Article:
Nothing focuses the mind quite like sitting cross-legged in a sandy pit, with a hood over your head, gunfire going off all around, and with no idea if you're alone or if your colleagues have been taken there too, after a noisy ambush in the woods.
This was the highpoint of a week of Hostile Environments training. And it was very realistic. We had to judge these fake rebels, who became convinced we were spies, and their intentions, and do what we could to survive.
Playing war games in the English countryside, in teeming rain, might not seem everyone's idea of a good time. But, so far this year, 22 journalists have lost their lives on the job and we are increasingly regarded as legitimate targets, harassed and even attacked by the authorities and kidnapped by rebels or criminals, so it certainly seemed like a good idea.
And what better place than a British army training camp? I was there with a mixed group from CBS and the BBC, from veterans with decades of war reporting under their belt to novices who've never been anywhere.
Former SAS (paratroopers) and British Army intelligence officers put us through our paces in an array of situations, including dealing with police checkpoints, driving in convoy and making a hotel room as safe as possible. We picked our way gingerly through a mock minefield — though, having seen real minefields in Kosovo, I prefer to follow the advice of a more experienced colleague and, wherever possible, stick to the asphalt.
An excellent first aid course taught us the basics and the tough stuff, like how to patch up bullet wounds and fractures without a medical kit, using whatever clothes or equipment we might have at hand.
Personal safety is always a concern for journalists in potentially dangerous situations. There was a lot of emphasis on the benefits of traveling with others rather than going it alone and on the importance of good communications between colleagues. At a fake frontier crossing, one group was horrified to find they'd driven off, at gunpoint, unaware they'd left one person behind.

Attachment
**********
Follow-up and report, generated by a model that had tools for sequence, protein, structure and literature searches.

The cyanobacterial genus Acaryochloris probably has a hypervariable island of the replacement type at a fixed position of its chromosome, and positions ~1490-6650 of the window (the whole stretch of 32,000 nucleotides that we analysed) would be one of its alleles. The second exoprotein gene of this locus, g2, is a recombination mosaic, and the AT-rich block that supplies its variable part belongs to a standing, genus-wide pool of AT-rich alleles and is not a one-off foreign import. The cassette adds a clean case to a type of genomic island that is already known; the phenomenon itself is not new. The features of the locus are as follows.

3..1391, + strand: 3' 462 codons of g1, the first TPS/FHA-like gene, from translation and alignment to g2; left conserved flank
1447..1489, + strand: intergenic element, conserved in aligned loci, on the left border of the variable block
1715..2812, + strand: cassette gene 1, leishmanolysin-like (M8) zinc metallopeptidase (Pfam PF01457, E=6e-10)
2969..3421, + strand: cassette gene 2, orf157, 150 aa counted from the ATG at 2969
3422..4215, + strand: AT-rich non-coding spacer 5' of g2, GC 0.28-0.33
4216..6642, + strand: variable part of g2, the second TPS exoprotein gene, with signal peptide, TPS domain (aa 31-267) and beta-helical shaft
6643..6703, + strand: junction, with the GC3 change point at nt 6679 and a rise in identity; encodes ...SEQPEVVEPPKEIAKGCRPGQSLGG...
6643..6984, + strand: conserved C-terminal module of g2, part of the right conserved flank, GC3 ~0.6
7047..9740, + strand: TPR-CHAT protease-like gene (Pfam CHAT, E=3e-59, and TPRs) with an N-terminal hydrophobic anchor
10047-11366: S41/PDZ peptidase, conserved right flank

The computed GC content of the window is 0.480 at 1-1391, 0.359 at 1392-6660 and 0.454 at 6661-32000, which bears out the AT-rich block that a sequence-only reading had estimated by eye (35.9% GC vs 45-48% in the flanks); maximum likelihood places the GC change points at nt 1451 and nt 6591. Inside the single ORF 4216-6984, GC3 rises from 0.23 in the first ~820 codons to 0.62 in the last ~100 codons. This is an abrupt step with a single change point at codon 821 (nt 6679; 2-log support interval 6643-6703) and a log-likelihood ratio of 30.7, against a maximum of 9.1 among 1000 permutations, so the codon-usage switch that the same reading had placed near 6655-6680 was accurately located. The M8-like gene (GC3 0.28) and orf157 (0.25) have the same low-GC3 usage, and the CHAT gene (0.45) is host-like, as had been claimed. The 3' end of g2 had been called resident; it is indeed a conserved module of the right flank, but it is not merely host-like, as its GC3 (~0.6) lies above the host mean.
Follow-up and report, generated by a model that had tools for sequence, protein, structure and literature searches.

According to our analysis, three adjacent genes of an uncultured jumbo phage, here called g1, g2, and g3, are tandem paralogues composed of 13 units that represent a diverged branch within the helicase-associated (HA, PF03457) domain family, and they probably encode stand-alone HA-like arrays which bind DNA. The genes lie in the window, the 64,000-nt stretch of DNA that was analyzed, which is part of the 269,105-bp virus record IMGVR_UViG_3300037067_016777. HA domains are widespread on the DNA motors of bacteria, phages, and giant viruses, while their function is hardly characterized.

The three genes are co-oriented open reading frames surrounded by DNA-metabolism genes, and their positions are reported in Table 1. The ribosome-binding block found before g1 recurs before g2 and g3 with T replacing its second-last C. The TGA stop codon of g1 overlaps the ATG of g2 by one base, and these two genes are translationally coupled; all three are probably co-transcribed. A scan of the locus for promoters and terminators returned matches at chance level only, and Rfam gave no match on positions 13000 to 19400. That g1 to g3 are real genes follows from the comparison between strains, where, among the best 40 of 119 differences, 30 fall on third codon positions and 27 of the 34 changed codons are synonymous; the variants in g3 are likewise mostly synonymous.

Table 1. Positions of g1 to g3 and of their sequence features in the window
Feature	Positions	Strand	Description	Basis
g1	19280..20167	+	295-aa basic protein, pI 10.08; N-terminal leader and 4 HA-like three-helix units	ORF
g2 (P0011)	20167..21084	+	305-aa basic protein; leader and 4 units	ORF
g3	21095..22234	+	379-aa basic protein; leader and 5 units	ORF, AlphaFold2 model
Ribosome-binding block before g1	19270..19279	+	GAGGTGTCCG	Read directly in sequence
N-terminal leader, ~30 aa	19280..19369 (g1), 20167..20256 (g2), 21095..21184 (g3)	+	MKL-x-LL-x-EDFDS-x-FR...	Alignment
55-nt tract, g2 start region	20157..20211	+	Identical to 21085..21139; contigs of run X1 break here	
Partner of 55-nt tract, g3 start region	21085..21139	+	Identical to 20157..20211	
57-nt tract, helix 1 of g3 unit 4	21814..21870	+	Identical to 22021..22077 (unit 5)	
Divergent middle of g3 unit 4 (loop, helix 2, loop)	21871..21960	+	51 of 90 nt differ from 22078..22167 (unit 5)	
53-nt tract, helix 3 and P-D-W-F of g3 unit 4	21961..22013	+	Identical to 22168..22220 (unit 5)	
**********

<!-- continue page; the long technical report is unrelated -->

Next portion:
There was some discussion of danger awareness, such as how to handle money in public, what documents to always have handy, awareness of local customs and — for women especially — concerns about dress, so as not to offend or excite unwanted interest.
We also learned a few basics of weapons and their ranges: when to run and when to give in.
Not since Bosnia in the early 1990s has the world been such a dangerous place for journalists. But, in fact, the majority of journalists killed or wounded in action are caught in the kind of situation that can happen anywhere.
Last year, a Swedish cameraman was shot dead by teenage robbers who broke into the house where he was based in Afghanistan. Numerous journalists, from CBS News and other news media, have been badly hurt in road accidents. When you're in a conflict zone or even in post-conflict areas, rules and regulations have often broken down, looting is common and people drive without heed for safety.
So we learned a lot about vehicle security, from the simple things like "always wear a safety belt," to strapping down heavy equipment and checking rental cars to make sure that the people who had it before have left nothing incriminating like a gun clip or military maps that could get you into trouble further down the road.
In the end though, there is no formula. Each journalist learns to use what he or she has and learns to read the situation. Sometimes being a woman is an advantage; in a hostage situation it can be a major disadvantage. During that fake ambush, the "rebels" made it clear I would be kept until last, as a "prize."
I kept my head down as long as I could while the "rebels" were, by turn, hostile, friendly, or angrily violent with members of the group and as they gradually led the others away, one by one, to be followed by an ominous-sounding single shot. Those left behind struggled to work out which was a colleague being "killed" and which was just meant to scare us into assuming everyone was being shot.
When they started to pay attention to me I fell back on my main saving grace in a tight spot: I'm an Irish citizen, from a neutral country that's known its own conflict. So I just kept telling them about Ireland.
And, despite much dark talk of "keeping the girl" to "have fun with," I was one of the last two, with a CBS News cameraman, and we walked out of there "alive" — and with a much better idea of how we might react if we found ourselves in real trouble.
By Elaine Cobbe